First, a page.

A Front-Row Seat to Germany’s Long Reckoning With Its PastBreaking News
In many ways, it is fitting that Germany’s last trial of a former SS guard at Auschwitz played out far from the spotlight, in this pretty provincial town of 70,000.
It was from places like these — a rural corner of North Rhine-Westphalia, modern Germany’s most populous state — that the Nazis formed their bedrock, the millions of men and women who signed up to Hitler’s apparently triumphant cause and with little questioning executed its murderous maxims.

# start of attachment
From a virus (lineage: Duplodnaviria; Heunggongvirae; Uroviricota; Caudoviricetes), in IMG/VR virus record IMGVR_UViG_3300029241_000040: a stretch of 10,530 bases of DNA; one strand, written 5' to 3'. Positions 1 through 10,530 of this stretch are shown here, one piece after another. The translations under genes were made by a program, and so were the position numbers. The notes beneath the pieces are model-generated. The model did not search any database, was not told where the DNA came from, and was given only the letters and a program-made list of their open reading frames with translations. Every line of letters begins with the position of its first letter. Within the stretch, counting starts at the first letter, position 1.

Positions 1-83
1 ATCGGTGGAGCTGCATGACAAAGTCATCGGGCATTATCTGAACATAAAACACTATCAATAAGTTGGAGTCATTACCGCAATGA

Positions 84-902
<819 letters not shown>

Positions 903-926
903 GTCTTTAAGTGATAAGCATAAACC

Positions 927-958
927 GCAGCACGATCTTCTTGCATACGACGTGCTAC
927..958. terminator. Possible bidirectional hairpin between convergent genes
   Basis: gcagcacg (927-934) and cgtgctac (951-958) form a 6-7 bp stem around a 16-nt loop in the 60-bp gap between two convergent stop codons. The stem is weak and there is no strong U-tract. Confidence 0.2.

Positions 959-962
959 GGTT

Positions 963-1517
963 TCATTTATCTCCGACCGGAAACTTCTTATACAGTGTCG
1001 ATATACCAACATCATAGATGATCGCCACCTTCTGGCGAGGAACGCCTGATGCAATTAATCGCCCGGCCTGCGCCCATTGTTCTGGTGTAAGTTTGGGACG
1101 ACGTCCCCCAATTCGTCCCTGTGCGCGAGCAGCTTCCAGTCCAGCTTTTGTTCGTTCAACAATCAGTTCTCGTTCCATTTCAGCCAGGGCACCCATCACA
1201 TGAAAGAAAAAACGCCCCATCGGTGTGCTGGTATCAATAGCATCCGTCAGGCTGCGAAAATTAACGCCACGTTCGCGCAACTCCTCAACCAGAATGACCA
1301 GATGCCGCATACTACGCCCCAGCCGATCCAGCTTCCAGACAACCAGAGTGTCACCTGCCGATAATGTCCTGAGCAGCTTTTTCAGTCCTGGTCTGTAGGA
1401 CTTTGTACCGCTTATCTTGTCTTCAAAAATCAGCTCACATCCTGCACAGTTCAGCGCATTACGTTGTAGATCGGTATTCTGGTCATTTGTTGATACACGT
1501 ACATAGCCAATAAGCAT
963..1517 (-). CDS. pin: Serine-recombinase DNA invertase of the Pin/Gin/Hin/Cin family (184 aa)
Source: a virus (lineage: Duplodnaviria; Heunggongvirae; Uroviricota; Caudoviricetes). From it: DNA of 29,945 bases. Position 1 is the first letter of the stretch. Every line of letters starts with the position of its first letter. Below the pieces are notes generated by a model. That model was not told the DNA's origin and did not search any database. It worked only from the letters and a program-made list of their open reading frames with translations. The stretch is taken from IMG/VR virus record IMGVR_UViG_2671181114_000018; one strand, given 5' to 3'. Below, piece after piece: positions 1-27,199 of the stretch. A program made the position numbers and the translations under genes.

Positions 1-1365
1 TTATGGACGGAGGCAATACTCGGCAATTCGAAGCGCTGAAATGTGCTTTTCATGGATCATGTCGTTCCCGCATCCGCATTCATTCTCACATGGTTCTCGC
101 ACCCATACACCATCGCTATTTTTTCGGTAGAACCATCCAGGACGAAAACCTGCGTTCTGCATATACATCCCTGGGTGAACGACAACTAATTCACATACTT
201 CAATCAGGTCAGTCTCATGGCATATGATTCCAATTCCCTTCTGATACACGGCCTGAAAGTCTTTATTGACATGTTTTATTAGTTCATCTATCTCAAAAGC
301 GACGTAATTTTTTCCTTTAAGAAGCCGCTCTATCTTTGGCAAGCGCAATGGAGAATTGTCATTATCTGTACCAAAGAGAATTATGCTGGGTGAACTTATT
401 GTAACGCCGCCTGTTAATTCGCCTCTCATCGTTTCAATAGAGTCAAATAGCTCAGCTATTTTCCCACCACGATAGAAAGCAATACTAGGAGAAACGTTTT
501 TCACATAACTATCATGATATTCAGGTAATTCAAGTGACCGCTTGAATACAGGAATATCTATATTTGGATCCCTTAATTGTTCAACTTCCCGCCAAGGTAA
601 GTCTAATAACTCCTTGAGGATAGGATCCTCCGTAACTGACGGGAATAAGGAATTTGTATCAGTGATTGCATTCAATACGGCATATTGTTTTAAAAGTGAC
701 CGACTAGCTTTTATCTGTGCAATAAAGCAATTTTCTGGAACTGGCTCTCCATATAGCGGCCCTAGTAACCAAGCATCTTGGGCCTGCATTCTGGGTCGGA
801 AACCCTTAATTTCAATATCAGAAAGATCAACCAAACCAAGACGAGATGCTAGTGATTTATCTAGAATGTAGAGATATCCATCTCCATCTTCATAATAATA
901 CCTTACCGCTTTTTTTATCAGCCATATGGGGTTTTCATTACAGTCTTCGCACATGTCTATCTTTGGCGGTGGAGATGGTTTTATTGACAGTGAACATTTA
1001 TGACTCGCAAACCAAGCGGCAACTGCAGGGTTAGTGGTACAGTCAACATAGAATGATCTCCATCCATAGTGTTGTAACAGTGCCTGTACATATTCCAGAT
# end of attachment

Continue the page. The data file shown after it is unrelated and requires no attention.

They were people like Reinhold Hanning, 94, who on Friday was sentenced to five years as an accessory to at least 170,000 deaths during his time as an SS guard at the Auschwitz-Birkenau camp, from January 1943 to mid-1944.
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